The Berks Farm Bucks network is funded by various partners and organizations at the federal, state and local level. The network lets individuals using federal incentive programs like SNAP/EBT, or state incentive programs like WIC and FMNP to have their incentives matched by Berks Farm Bucks for increased spending power on fruits and vegetables. From 2015-2020, there was a 473% increase in state and federal funds utilized in the city of Reading compared to only $2,000 federal state SNAP/WIC/FMNP funds utilized in 2013, all due to the power of the Berks Farm Bucks network. In 2020-2021, around $85,000 in Berks Farm Bucks were used by community residents to purchase fresh fruits and vegetables in the City of Reading.
The redemption and distribution sites are strategically placed to address the issue of distance to food retailers and are accessible by public transportation. Pairing nutrition education with the Berks Farm Bucks redemption sites is another key action to addressing health concerns in our communities.
One such distribution site is the year-round farm stand at Penn State Health St. Joseph’s Downtown Campus. Located at 6th and Walnut Streets in Reading, the Downtown Campus is a community health hub for primary care, ancillary services and special health promotion and prevention programming. Started in 2018 in partnership with Blue Mountain Academy (BMA) Farm in Hamburg, the weekly farm stand is open every Tuesday and sells organic herbs and vegetables grown on their farm plus a variety of outsourced tropical fruits like avocados, pineapples, mangos and bananas. In 2021, the farm stand averaged 100 customers each week, redeeming an average of $400 in incentives, including Berks Farm Bucks. Many customers live within walking distance to the farm stand making it easier for them to shop. This year, we plan to gradually expand the farm stand, adding produce from other local farmers for greater variety.
The BMA farm stand is also a participating vendor in our Veggie Rx program, a fruit and vegetable prescription program that seeks to lower levels of diabetes and other diet-related diseases in Berks County. Now in its second phase, key program participant health metrics are still tracked, including pre- and post-program A1c (blood sugar levels), blood pressure and BMI. Results from the pilot program were encouraging, for example, A1c dropped an average of 1.3% across program participants. One patient said, “I learned how to eat less rice than I was eating. Before, I didn’t eat a lot of carrots or anything but now I eat them like crazy. It [the program] has helped me a lot.”
From strengthening connections between corner stores and farmers, to providing nutrition education and hosting farm stands and the Veggie Rx program, various organizations work together to increase healthy food access in our community. It is no small effort but we know we are making a difference based on testimonies from community members who have participated across all the programs:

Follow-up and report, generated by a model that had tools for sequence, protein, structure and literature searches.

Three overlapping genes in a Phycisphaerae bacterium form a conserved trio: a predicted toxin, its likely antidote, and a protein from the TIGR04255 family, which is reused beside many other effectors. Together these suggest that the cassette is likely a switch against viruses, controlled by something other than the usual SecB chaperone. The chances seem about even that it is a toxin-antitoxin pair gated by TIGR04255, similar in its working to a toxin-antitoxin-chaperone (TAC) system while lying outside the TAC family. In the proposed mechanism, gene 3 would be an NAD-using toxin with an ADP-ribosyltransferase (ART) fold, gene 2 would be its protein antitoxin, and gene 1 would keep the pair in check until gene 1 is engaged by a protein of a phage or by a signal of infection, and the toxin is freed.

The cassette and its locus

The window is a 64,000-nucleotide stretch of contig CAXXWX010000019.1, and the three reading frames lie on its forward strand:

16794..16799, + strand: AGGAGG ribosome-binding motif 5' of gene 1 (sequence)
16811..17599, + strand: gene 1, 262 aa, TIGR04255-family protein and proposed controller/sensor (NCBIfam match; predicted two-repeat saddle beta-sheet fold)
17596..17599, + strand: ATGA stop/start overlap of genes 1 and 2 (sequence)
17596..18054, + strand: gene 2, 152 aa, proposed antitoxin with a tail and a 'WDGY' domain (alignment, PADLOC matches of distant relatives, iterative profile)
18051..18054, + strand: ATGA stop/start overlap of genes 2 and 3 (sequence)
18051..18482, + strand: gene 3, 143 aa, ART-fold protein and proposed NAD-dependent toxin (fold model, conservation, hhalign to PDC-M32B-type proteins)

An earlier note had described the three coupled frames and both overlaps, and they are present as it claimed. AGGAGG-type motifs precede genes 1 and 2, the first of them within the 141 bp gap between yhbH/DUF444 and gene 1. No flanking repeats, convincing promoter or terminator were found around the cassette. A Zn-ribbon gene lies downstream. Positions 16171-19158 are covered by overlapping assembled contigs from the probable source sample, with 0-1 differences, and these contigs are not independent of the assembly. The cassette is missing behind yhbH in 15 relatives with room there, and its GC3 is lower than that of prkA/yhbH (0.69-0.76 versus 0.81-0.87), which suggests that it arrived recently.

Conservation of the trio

Lilivette first started attending the weekly farm stand at Penn State Health St. Joseph in 2020 and participated in Heart Smarts lessons with The Food Trust. She began to attend other sites where nutrition lessons were offered like corner stores and community sites. Through the lessons, Lilivette began to connect with other health resources such as the Veggie Rx program and is now a patient in the program. “When I first started attending the lessons, I weighed around 246 pounds. I’m now down to around 165. The lessons have really helped me change how I eat, how to choose healthier foods and what they are. The recipes are also awesome. I’m always reading the nutrition facts labels and try to tell others to do the same,” she shared. Lilivette also mentioned how she makes some of the recipes and would probably make the taco salad recipe shared later that evening.
Testimonies like Lilivette’s keep us going. We invite you to join our efforts! If you’re interested in volunteering, donating, partnering or learning more about how to increase food access and food equity in our community, please reach out. Effective collaboration among individuals and organizations is ultimately what brought each of these programs to fruition and what it requires to keep them growing.
By Lisa Weaver
Healthy Community Program Associate
Penn State Health St. Joseph
Grants & Special Projects Officer and Healthy Community Initiatives
Penn State Health St. Joseph
With input from Jennifer Ramirez
The Food Trust